Former Motorola CEO Chris Galvin opens Sunday’s Page Conference with provocative remarks entitled “Choices Have Consequences.” I thought a little background on this speaker might help set the stage for his presentation, so here’s my 30-thousand-foot view of why this is a significant topic to open a conference about the importance of values in stressful times.
Few CEOs have the lineage of Chris Galvin. More than 80 years ago, Paul Galvin, Chris’ grandfather, began manufacturing car radios after discovering a way to make them operate without static caused by automobile engines. Slowly, Paul Galvin ventured into other logical product extensions before Chris’ father, Robert Galvin, moved into the C-suite and launched innovations that positioned the company in the forefront of electronics and technology. Robert formalized operating disciplines and human resources practices that established Motorola as one of the premier corporations in the world. Acknowledgement and respect for the company’s history and values became the cornerstone of the Galvin legacy as Chris’ tenure as CEO began in 1997.
A confluence of events—both economic and competitive—forced Chris to embark on a major refocus of the corporation in the late 1990s. By 2003, he saw positive signs of recovery and a return to product superiority with innovations such as the Razr cell phone. Unfortunately, guided by recent history and not weighing promising developments, the Motorola board ran out of patience and pushed Chris into “retirement.” Colorful Ed Zander, ex-COO and president of Sun Microsystems, brashly moved into the CEO chair at Motorola, and proclaimed he’d only focus on the future—not allowing the company to be bogged down by its rich history and culture-driving values of the past.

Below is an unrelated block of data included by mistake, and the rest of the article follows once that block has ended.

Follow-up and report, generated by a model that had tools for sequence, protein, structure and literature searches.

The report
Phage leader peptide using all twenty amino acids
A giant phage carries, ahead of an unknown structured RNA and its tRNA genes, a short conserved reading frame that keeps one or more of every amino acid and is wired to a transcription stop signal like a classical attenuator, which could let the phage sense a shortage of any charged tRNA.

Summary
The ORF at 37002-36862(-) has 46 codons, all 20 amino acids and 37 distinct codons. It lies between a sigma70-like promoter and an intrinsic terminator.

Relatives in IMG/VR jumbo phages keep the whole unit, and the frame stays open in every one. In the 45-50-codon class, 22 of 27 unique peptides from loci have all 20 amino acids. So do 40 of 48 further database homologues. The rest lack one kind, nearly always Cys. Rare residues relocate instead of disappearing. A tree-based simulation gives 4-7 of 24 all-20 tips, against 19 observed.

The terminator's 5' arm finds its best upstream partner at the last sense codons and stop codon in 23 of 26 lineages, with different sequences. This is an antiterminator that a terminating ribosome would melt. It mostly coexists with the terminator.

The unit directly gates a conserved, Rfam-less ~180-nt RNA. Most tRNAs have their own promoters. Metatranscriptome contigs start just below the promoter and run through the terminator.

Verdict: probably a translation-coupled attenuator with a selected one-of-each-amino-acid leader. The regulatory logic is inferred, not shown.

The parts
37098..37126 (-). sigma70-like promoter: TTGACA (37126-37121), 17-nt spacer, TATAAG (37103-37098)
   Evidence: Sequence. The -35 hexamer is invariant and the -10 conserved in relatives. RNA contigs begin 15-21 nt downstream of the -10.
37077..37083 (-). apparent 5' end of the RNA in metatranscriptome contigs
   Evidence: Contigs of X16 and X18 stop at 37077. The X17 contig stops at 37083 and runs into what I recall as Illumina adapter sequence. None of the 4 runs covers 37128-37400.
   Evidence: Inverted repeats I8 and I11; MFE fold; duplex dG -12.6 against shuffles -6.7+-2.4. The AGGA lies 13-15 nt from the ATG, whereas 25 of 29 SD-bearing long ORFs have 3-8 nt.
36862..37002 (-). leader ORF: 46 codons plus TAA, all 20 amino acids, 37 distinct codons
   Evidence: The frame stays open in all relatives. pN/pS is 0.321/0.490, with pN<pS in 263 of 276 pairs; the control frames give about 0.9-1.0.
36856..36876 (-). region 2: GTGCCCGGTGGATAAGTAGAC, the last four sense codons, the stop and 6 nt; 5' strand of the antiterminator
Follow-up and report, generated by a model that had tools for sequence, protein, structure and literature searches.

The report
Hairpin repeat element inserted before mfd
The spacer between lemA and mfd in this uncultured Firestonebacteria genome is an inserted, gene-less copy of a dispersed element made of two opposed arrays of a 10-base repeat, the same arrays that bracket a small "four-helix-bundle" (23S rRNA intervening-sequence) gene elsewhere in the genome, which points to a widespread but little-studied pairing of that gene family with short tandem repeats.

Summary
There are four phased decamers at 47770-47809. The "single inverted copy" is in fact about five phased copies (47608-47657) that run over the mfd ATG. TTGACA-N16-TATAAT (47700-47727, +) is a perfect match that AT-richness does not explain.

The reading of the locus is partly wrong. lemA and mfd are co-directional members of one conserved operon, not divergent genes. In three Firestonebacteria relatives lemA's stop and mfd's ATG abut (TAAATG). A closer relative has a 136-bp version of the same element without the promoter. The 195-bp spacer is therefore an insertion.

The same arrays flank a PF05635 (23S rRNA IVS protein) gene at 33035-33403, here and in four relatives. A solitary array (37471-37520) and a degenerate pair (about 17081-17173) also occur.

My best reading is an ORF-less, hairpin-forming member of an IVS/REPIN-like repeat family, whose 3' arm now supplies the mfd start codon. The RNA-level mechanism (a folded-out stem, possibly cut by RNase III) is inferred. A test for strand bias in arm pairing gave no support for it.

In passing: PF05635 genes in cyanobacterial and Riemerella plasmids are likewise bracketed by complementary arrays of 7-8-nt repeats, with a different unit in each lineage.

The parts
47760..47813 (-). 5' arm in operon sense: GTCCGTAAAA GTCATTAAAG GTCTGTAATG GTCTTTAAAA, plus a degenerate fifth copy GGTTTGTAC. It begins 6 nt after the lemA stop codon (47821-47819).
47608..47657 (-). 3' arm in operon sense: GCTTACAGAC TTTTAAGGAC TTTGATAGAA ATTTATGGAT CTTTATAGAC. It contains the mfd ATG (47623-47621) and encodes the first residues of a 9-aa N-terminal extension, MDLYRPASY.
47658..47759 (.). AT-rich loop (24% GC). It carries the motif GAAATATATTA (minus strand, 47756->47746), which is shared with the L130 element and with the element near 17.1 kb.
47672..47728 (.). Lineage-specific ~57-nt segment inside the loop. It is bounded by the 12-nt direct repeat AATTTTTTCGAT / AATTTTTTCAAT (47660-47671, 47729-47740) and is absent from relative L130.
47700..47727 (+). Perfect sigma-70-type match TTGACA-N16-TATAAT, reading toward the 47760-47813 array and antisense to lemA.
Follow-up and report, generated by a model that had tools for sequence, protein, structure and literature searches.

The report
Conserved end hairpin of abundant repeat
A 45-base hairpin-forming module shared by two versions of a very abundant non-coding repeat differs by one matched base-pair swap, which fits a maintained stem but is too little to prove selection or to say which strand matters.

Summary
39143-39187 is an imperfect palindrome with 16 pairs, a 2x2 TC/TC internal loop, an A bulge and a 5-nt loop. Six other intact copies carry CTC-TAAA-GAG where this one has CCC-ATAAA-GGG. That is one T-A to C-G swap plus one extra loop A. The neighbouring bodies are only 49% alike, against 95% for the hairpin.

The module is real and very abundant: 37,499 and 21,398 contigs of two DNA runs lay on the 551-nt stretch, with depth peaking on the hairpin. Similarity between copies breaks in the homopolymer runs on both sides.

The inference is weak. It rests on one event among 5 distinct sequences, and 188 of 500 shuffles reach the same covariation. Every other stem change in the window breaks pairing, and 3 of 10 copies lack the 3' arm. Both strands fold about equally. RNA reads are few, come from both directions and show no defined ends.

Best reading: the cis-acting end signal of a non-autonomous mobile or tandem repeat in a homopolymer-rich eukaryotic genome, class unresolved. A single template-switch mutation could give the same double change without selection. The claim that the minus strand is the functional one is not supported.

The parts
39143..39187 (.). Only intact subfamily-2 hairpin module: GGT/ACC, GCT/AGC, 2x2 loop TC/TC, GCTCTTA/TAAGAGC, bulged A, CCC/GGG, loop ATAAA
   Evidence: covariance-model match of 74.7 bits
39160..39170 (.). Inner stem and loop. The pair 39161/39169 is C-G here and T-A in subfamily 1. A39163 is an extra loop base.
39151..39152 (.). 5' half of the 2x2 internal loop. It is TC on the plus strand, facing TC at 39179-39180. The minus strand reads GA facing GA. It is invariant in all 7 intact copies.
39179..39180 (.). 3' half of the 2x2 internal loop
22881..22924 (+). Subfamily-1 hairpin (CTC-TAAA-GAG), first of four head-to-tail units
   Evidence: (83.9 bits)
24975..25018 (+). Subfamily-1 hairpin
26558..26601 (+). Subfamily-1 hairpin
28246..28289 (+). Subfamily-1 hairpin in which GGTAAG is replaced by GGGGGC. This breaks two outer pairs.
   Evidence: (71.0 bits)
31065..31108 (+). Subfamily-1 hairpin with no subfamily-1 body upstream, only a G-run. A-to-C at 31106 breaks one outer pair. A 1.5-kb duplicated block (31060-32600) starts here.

Sure enough, within six months of Zander’s arrival, internal struggles and cultural conflicts were rampant. Yet the company reported positive earnings and growth. In the first six months of 2004, sales were up more than 40%, operating earnings jumped 454% and nearly $2 billion cash was added to the balance sheet. As a few observers noted, the Galvin-led changes were working. But the board mandate for change and Zander’s approach to management set the company on a new course. Today, Zander is gone, Motorola is led by co-CEOs and the company is struggling for relevancy in a world filled with smarter competitors with more innovative products. The company literally lost its edge.
Meanwhile, Chris Galvin has re-invented himself. He co-founded Harrison Street Capital, a fast-growing real estate private equity firm named after the Chicago street where his grandfather first started making car radios. While being an globally recognized leader in Six Sigma principles, Chris also is recognized for his value-driven beliefs.
Chris promises an open and candid presentation, and is eager to engage us in a conversation about values. Please pass along questions in advance or raise them after his remarks. We’re in store for a frank and thoughtful keynote presentation.
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